Boeing, NASA and U.S. Airlines Partner on Development of Next-Gen Narrowbody Airliner
With the goal of moving aviation towards a sustainable future, aerospace giant Boeing, in partnership with NASA, is seeking guidance from leading U.S. airlines for their Sustainable Flight Demonstrator (SFD) project and the X-66A research aircraft currently under development. The X-66A project, if successful, has the potential to become the next-generation replacement for narrowbody aircraft like the Boeing 737 and Airbus A320.
In late July, Boeing unveiled the project in collaboration with Alaska Airlines, American Airlines, Delta Air Lines, Southwest Airlines, and United Airlines. As part of the sustainability coalition, the U.S. carriers will lend their expertise on operational efficiency, maintenance protocols, handling characteristics, and airport compatibility.
“Hearing directly from the operators during all phases of the Sustainable Flight Demonstrator project will help us understand exact requirements and tradeoffs,” said Todd Citron, Boeing chief technology officer. “The airlines’ feedback will significantly contribute to the X-66A project learnings while furthering aviation sustainability.”
Designed with a Transonic Truss-Braced Wing (TTBW) airframe, the X-66A is a modified MD-90, that will be built in Boeing’s Palmdale, Calif. facility. The prototype is NASA’s the first experimental ‘X-plane’ geared towards achieving the goal of net-zero aviation greenhouse gas emissions.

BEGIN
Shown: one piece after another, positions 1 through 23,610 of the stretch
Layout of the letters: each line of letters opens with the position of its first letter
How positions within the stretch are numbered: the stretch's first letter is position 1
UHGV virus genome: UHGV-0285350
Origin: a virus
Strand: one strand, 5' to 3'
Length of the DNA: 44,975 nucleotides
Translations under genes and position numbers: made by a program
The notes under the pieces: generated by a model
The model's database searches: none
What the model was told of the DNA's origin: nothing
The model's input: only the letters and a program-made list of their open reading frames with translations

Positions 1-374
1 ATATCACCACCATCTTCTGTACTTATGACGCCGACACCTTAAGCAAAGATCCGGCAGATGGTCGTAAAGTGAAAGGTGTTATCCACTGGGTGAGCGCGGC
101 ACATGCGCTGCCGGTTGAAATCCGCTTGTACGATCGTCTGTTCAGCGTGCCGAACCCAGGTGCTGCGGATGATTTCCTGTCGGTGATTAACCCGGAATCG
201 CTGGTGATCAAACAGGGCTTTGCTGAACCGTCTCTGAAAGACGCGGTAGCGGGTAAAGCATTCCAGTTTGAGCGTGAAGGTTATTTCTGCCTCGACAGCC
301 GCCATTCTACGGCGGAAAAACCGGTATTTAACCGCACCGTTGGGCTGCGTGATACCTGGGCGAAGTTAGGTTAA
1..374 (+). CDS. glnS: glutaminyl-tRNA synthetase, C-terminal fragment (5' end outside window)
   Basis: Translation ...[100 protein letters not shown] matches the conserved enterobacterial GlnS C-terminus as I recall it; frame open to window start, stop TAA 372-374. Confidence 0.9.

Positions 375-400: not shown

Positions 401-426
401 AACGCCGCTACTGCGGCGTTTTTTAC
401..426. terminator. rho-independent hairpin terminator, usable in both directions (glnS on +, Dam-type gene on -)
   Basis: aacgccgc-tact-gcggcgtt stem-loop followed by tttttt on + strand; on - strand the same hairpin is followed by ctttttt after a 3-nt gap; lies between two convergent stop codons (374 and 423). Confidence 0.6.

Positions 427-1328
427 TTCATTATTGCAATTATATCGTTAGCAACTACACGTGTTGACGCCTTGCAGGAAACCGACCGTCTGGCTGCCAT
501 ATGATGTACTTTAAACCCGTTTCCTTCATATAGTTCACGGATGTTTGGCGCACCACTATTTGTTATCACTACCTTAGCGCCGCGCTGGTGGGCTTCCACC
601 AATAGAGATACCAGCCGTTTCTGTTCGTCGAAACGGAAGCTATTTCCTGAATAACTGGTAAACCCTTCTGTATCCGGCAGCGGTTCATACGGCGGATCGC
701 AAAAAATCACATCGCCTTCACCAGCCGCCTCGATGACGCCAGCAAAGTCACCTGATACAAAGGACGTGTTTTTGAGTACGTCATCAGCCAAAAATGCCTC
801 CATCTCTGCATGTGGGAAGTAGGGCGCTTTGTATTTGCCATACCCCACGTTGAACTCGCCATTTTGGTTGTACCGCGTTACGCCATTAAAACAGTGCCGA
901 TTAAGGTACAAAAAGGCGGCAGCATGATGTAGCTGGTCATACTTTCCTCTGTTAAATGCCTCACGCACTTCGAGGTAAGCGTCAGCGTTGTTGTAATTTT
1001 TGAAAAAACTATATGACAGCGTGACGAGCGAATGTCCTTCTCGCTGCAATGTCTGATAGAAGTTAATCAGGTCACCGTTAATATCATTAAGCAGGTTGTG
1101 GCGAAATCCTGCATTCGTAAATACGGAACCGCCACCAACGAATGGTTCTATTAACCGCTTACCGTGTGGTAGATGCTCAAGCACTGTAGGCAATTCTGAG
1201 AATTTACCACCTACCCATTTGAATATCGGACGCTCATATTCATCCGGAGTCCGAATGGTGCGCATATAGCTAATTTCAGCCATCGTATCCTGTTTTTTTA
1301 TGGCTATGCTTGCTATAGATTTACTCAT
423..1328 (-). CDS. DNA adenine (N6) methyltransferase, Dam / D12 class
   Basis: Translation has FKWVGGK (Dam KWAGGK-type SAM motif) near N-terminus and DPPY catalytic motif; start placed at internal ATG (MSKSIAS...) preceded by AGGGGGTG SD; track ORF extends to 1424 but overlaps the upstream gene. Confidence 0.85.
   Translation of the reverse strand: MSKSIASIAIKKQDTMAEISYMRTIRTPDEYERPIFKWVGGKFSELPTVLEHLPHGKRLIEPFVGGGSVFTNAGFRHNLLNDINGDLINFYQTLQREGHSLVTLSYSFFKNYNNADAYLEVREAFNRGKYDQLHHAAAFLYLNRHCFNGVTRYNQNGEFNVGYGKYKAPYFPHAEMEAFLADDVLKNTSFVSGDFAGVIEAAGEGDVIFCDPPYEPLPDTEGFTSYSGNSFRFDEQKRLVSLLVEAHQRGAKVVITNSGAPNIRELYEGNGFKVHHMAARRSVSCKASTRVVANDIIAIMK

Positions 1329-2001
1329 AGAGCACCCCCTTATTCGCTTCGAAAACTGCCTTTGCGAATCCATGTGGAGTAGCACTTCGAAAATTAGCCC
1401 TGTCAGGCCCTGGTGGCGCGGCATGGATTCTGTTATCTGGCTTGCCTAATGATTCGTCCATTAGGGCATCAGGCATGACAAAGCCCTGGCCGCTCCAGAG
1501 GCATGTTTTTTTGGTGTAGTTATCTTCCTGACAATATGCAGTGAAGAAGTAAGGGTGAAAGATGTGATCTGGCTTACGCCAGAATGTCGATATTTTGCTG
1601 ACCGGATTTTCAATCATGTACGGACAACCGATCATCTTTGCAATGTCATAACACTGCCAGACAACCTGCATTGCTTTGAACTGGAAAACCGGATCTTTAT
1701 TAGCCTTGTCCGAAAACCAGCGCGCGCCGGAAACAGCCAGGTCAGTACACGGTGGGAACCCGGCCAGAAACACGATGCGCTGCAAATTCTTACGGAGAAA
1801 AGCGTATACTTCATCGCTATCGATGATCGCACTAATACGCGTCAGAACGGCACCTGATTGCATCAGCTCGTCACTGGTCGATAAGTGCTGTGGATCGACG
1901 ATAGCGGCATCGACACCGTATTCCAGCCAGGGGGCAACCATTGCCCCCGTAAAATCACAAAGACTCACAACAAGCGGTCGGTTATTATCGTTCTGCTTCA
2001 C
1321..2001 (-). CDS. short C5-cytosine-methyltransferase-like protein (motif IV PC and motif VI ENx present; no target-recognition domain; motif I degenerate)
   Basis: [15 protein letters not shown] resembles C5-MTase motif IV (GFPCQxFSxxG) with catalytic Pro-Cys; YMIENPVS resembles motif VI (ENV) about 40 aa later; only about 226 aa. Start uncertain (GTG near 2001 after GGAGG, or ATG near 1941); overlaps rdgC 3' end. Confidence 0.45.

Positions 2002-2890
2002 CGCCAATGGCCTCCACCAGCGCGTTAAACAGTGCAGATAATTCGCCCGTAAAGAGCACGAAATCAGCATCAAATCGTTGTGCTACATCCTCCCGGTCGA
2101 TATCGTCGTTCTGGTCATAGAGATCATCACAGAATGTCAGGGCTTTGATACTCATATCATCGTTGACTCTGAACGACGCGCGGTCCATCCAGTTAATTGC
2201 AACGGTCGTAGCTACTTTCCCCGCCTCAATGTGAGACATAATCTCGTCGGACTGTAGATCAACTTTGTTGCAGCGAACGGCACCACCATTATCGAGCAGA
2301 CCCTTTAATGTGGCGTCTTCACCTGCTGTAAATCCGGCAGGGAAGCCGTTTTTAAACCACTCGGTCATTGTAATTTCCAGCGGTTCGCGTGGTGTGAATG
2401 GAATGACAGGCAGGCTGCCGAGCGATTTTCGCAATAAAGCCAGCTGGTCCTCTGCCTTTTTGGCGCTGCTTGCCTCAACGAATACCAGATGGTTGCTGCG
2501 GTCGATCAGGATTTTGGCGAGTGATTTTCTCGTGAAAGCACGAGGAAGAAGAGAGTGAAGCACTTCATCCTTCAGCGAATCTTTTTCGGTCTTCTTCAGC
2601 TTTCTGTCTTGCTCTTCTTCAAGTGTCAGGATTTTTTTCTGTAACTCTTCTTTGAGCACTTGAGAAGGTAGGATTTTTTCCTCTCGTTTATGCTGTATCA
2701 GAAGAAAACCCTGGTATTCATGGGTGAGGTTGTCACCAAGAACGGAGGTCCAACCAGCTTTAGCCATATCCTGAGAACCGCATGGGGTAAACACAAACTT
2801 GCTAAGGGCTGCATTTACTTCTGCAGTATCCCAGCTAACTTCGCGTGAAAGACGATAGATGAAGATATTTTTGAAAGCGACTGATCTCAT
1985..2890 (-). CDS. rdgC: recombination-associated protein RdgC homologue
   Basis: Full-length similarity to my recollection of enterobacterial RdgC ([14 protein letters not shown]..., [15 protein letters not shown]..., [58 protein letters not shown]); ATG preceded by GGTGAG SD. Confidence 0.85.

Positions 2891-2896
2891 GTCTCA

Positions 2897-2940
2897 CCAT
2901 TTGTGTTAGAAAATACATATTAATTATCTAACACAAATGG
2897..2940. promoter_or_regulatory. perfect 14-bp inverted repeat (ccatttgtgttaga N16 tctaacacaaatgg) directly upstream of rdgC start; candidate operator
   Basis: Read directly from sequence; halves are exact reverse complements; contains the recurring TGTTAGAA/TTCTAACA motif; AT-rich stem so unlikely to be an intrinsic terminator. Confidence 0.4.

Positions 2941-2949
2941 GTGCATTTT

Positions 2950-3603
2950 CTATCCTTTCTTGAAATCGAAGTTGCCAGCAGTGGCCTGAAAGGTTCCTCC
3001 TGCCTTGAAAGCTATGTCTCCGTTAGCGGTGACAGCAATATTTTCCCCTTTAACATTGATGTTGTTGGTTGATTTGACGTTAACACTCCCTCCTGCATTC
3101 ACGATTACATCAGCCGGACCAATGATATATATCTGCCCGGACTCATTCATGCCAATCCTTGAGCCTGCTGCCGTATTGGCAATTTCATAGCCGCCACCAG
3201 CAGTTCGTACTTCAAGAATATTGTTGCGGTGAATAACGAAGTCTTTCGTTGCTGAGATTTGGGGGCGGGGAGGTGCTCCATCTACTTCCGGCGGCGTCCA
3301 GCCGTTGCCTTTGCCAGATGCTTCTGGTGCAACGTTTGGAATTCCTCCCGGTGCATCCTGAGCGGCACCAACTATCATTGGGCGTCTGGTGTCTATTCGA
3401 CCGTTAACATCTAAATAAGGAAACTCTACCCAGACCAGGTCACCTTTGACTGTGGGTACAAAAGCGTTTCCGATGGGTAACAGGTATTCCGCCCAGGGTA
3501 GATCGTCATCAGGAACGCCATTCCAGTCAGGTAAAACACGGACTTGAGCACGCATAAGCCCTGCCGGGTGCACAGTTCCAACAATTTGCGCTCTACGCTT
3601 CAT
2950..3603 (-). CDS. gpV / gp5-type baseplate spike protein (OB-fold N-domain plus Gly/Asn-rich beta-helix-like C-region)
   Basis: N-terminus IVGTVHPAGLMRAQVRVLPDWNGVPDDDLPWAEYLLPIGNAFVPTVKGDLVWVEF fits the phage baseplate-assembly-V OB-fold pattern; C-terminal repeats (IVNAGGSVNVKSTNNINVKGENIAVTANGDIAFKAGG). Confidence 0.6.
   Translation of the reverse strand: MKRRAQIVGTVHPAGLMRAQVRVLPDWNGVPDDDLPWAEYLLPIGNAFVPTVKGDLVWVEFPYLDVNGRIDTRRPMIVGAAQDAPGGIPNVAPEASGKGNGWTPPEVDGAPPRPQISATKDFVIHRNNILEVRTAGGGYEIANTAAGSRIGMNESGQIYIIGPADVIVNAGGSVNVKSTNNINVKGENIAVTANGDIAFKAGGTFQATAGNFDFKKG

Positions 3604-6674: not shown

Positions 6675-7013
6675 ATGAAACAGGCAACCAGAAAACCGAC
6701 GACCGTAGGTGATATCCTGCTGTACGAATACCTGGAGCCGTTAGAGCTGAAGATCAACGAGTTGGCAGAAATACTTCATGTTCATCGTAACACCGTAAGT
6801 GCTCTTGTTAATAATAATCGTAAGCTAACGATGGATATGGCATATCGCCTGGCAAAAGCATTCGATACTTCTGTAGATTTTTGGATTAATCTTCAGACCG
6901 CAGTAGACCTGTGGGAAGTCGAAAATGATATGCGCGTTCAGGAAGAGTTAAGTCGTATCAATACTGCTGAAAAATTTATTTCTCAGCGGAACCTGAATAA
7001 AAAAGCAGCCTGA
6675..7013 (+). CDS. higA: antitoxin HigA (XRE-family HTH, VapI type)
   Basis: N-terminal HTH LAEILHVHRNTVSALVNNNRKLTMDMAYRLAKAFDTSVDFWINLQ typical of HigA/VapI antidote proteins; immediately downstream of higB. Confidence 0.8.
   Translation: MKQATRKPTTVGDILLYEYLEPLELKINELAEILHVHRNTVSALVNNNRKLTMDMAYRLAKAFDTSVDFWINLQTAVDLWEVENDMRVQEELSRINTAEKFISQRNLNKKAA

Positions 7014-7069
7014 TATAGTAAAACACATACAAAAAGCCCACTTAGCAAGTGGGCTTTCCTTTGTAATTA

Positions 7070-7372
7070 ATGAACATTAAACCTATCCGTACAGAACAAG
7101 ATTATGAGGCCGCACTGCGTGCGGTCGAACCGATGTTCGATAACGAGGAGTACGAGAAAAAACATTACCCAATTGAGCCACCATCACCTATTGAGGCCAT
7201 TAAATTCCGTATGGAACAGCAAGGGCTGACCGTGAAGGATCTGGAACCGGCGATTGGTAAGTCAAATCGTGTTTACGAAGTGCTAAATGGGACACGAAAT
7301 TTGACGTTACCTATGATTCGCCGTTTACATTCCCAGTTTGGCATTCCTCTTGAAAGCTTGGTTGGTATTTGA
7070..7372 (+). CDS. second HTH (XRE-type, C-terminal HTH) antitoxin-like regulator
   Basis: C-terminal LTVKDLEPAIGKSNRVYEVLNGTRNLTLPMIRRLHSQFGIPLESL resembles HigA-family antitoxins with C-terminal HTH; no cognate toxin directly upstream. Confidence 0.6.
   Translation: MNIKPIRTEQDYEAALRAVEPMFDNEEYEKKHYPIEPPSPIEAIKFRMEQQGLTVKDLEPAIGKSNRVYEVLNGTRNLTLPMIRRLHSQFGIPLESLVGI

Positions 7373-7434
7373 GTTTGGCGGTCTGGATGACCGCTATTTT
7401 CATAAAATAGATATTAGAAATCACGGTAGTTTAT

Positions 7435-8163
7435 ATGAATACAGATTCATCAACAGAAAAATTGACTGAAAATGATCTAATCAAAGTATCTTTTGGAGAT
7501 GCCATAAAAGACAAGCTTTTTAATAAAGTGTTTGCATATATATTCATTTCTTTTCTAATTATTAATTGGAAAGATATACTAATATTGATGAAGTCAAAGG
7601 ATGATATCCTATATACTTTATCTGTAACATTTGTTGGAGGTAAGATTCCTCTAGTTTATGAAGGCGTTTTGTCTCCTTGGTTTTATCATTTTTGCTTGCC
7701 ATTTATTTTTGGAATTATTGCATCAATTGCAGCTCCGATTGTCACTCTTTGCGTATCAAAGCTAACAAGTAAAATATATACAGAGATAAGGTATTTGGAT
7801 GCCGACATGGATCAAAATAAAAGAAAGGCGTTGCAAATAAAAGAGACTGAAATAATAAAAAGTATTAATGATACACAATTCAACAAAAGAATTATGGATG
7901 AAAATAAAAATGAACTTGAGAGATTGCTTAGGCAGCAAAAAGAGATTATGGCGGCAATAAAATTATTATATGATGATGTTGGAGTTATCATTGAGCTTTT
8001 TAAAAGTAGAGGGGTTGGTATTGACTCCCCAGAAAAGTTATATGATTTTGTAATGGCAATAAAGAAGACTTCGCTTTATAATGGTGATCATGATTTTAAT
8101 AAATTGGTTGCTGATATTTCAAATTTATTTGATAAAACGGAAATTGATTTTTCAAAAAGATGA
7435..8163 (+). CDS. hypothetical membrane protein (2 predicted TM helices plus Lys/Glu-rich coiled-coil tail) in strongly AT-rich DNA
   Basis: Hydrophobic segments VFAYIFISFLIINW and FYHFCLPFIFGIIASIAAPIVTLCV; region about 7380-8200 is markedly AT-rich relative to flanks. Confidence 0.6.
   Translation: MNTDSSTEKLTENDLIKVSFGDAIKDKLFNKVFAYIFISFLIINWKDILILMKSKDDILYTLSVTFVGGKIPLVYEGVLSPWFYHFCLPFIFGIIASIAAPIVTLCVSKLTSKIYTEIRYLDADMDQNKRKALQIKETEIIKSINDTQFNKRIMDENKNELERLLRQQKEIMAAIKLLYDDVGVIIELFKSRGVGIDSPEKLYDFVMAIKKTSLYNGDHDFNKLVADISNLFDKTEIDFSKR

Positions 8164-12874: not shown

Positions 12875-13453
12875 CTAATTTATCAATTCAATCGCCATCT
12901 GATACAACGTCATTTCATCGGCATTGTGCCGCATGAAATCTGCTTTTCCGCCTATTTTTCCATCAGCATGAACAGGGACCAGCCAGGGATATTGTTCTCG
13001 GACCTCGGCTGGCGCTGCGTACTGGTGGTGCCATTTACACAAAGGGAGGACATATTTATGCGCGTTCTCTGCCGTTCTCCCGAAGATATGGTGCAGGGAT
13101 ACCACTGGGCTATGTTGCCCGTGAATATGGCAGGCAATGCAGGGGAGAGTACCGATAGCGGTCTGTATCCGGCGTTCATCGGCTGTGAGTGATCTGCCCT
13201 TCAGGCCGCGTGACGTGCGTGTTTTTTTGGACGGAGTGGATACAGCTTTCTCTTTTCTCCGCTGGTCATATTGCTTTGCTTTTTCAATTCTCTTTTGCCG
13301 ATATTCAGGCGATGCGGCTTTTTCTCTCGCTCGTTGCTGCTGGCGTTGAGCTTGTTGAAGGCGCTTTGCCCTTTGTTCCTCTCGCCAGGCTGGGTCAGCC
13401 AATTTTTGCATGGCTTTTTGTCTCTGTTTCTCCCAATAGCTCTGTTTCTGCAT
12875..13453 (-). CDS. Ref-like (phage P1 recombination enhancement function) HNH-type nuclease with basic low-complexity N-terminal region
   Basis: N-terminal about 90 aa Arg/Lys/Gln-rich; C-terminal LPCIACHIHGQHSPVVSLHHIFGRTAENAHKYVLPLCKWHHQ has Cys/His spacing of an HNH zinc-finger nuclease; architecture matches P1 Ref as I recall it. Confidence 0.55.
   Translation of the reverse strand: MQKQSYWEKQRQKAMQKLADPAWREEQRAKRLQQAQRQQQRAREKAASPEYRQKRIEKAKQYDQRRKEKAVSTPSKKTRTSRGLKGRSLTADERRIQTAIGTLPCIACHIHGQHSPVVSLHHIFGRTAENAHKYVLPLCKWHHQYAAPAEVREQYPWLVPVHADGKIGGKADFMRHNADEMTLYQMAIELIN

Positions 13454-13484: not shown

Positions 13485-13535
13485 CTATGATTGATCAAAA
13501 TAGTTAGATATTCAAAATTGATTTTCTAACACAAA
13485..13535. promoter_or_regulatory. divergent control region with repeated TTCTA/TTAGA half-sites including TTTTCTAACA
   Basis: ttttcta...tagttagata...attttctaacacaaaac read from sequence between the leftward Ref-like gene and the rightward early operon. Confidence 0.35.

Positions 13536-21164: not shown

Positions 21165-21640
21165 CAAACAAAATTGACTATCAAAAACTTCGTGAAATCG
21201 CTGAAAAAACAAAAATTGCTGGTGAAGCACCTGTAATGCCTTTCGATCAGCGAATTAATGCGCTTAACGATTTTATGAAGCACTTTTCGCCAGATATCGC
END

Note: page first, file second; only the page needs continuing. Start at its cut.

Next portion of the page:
TTBW is a long, slender wing structurally braced by trusses that also generate lift. Increasing span reduces lift-induced drag, improving the efficiency of the aircraft during flight. With anticipated advancements in propulsion systems, materials, and systems architecture, the TTBW configuration is expected to significantly reduce fuel consumption and emissions by up to 30% compared to state-of-the-art narrowbody aircraft.
The X-66A wide wingspan of 145 feet can accommodate airplanes of various sizes and missions. For a narrowbody successor, one variant may accommodate 130-160 passengers, while a larger variant may accommodate 180-210 passengers.
Boeing and NASA are considering the possibly implementing folding wing tips for compatibility with existing airport infrastructure. The average wingspan of the Boeing 737 aircraft family is 117 feet.
The SFD project also presents unique opportunities for airline pilots to experience the X-66A via flight simulator, enabling them to assess the aircraft’s handling characteristics. As modifications progress, airline operations and maintenance teams will evaluate the X-66A in actual flight tests, scheduled for 2028 and 2029 at NASA’s Armstrong Flight Research Center.
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